The large pipes , next to the water wheel, fed the water turbine which Kipling installed.
Kipling loved cars and owned this Rolls Royce Phantom1. Unfortunately it is kept behind glass in a small garage so I found it impossible to get a reasonable photo.
Bateman's was originally built in 1634 from sandstone. It is now owned by the National Trust which has preserved it, with the help of the Kipling family, as it was when Kipling lived there.
This is the entrance hall with its huge fireplace.
Beautiful oak window seats.
The family sitting room.
This used to be the schoolroom when his children were young but then became the sitting room of his daughter, Elsie, once she was older.
An old valve radio.
Kipling's desk left exactly how he last used it.
He received the Nobel prize for literature in 1907. This is a translation of the award.
The alphabet necklace from the story 'How the Alphabet was made' one of the 'The Just So Stories'
ONE of the first things that Tegumai Bopsulai did after Taffy and he had made the Alphabet was to make a magic Alphabet-necklace of all the letters, so that it could be put in the Temple of Tegumai and kept for ever and ever. All the Tribe of Tegumai brought their most precious beads and beautiful things, and Taffy and Tegumai spent five whole years getting the necklace in order. ...........
Ais scratched on a tooth--an elk-tusk I think.
Bis the Sacred Beaver of Tegumai on a bit of old glory.
Cis a pearly oyster-shell--inside front.
Dmust be a sort of mussel shell--outside front.
Eis a twist of silver wire.
Fis broken, but what remains of it is a bit of stag's horn.
Gis painted black on a piece of wood. (The bead after G is a small shell, and not a clay bead. I don't know why they did that.)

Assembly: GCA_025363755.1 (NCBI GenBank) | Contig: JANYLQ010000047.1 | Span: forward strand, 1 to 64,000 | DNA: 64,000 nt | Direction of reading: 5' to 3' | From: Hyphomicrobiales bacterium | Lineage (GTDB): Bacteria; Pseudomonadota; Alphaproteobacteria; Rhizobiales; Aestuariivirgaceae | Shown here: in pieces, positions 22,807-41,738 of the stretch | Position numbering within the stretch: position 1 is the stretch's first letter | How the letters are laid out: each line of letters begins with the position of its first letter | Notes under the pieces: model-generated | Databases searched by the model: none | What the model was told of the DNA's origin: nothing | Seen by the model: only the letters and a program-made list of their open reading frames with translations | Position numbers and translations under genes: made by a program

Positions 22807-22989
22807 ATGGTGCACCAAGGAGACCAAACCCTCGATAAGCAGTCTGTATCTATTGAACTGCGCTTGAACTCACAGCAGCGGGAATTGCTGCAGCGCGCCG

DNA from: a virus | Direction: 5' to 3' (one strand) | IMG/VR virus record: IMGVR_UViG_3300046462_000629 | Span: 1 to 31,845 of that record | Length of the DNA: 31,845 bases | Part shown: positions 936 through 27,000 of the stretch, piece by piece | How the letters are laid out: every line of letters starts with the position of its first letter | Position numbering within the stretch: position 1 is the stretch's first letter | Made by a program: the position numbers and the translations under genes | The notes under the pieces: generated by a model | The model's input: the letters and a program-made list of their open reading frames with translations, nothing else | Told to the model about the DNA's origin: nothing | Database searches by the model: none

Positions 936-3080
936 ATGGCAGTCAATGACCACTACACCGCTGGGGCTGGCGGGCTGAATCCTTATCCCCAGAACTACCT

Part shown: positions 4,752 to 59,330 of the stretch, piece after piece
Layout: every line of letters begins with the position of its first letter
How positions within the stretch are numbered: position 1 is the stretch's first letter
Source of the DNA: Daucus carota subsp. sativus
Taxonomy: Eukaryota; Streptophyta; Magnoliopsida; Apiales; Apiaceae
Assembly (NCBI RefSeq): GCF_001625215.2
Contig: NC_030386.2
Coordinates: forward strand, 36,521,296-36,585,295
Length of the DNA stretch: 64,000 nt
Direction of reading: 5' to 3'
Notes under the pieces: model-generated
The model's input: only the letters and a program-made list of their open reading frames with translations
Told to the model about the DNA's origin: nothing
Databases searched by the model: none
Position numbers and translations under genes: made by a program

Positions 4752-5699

His a kind of a big brown cowie-shell.
Iis the inside part of a long shell ground down by hand. (It took Tegumai three months to grind it down.)
Jis a fish hook in mother-of-pearl.
Lis the broken spear in silver. (K aught to follow J of course, but the necklace was broken once and they mended it wrong.)
Kis a thin slice of bone scratched and rubbed in black.
Mis on a pale gray shell.
Nis a piece of what is called porphyry with a nose scratched on it. (Tegumai spent five months polishing this stone.)
Ois a piece of oyster-shell with a hole in the middle.
PandQare missing. They were lost, a long time ago, in a great war, and the tribe mended the necklace with the dried rattles of a rattlesnake, but no one ever found P and Q. That is how the saying began, 'You must mind your P's. and Q's.'
Ris, of course, just a shark's tooth.
Sis a little silver snake.
Tis the end of a small bone, polished brown and shiny.
Uis another piece of oyster-shell.
Wis a twisty piece of mother-of-pearl that they found inside a big mother-of-pearl shell, and sawed off with a wire dipped in sand and water. It took Taffy a month and a half to polish it and drill the holes.
Xis silver wire joined in the middle with a raw garnet. (Taffy found the garnet.)
Yis the carp's tail in ivory.
Zis a bell-shaped piece of agate marked with Z-shaped stripes. They made the Z-snake out of one of the stripes by picking out the soft stone and rubbing in red sand and bee's-wax. Just in the mouth of the bell you see the clay bead repeating the Z-letter.
From 'The Just So stories' 'How the Alphabet was made.' '